Recognising that a timeless existence is unimaginable makes sense of why there is no univocal word for eternity in the original languages of scripture. Olam in biblical Hebrew and aion(os) in Koine Greek (from which we derive aeon) can both be used to talk about a specific period of time as well as indefinite periods of time, that is eternity. Even the English word eternal is etymologically from the Latin aevum which also has a range of use. Timeless existence as a concept is impossible to positively define, that is, you cannot say what it is, the best you can do is say what it isn’t. It is no thing, nothing. Similarly, “timeless truth” is a contradiction. Truth is something that can be known, knowing requires experience, experience requires change, and change requires time. A timeless truth would therefore be unknowable. What good is truth if we can’t know it? What good then is a timeless God? He too would likewise be unknowable, unless he reveals himself in the course of events.

The entire Bible is written on the predication that God has chosen to be present in time and active in human history, even though he is not restricted by anything that happens. This goes back to the primal Jewish belief that he is the creator and lord of all things. [7]When we go to the creation narrative, Dr John Walton so brilliant observes, that on the first day God does not create light and darkness. He actually creates alternating periods of light and dark, a simple chronological unit. In other words the first thing he creates is time. The reason why we think of time as enemy and therefore long to be delivered of it is that we have conflated time with decay. The two are very different. Rampant decay is bad but time is something the God calls good.

Presumably Adam and Eve knew what death already was or the warning God gave them about it would be completely lost on them. Now Paul speaks of death entering the world through Adam’s disobedience (Romans 5:12.) It isn’t so much that there wasn’t any death before the fall but that death gained almost unbridled access to all of creation. Decay is what happens when death reigns. Yet Paul continues to write that God has consigned the creation to this futile experience in hope, that one day creation would be released from its bondage to corruption into glorious resurrection life (Romans 8:20-23.) The last enemy is death not time. Time is not something we are to be delivered from neither has God promised to do so. It is something very good. If time was the enemy how do you explain life before the fall? Eden could not have had a timeless past since we know it was at some point created by God. Now everything changed with the Fall.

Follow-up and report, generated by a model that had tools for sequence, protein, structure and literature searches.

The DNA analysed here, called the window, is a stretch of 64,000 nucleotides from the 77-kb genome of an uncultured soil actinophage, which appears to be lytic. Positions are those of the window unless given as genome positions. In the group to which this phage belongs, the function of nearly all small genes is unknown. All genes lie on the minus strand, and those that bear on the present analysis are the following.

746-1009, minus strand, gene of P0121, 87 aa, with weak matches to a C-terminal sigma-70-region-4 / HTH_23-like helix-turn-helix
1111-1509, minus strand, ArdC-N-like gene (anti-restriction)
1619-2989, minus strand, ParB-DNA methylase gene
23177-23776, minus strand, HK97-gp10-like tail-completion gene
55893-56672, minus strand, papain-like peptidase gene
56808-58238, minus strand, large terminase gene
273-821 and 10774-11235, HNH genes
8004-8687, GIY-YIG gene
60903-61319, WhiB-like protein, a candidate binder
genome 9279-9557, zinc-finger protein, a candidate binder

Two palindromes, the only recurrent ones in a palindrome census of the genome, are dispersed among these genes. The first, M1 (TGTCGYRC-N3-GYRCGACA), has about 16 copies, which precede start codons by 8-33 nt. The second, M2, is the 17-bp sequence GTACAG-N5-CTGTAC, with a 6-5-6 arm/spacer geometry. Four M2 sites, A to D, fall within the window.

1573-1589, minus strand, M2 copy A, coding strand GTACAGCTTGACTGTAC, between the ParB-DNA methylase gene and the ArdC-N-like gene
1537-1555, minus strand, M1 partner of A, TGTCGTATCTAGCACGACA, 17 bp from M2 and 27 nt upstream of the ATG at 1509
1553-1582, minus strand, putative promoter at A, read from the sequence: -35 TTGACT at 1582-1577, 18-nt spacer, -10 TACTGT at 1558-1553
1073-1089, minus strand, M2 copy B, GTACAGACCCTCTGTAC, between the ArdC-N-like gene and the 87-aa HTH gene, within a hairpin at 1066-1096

When we speak of redemptive history or salvation history, we are talking about how God entered the affairs of the world to restore it after the first couple sinned. It’s a crucial concept in biblical theology but we are mostly preoccupied, and for good reason, with what it means for human beings. What if time itself needs to be redeemed, to be rescued from death? As much as death works everywhere in the universe, it is also present at every moment. Death affects all things in spacetime. Using true Pauline metaphor, what if death took something good, called time, and used it to cause a terrible perversion of creation known as universal corruption and decay, condemning all things? Death “infected” the time stream such that everything touched by time was touched by death. The Psalmist of speaks the fragile condition of the fabric of spacetime,

Of old you laid the foundation of the earth, and the heavens are the work of your hands. They will perish, but you will remain; they will all wear out like a garment. You will change them like a robe, and they will pass away… – Psalm 102:25-26 ESV

The Psalmist looks to the old Genesis narrative and hints at the hope of new creation. It is important to note that it is a creation narrative. Time is essential to narrative. You cannot tell a story without change in events which means the progression of time. The first thing God made in the Genesis narrative is time because without it a story cannot be told. History itself is a narrative and time has to exist for it to happen. I earlier said time and its nature is a fundamental worldview question. Now our worldviews are embedded in the implicit stories we tell i.e. the metanarrative. Human beings are essentially questioning creatures, we are capable of self-reflection, and we are also storytelling creatures, that is we imbue our world with symbolic meaning. When we combine our propensity to ask questions and tell stories we have the worldview narrative. So instead of fatalistic, psychological, mechanical or even relativistic views of time, what if we understood time as fundamentally narratival.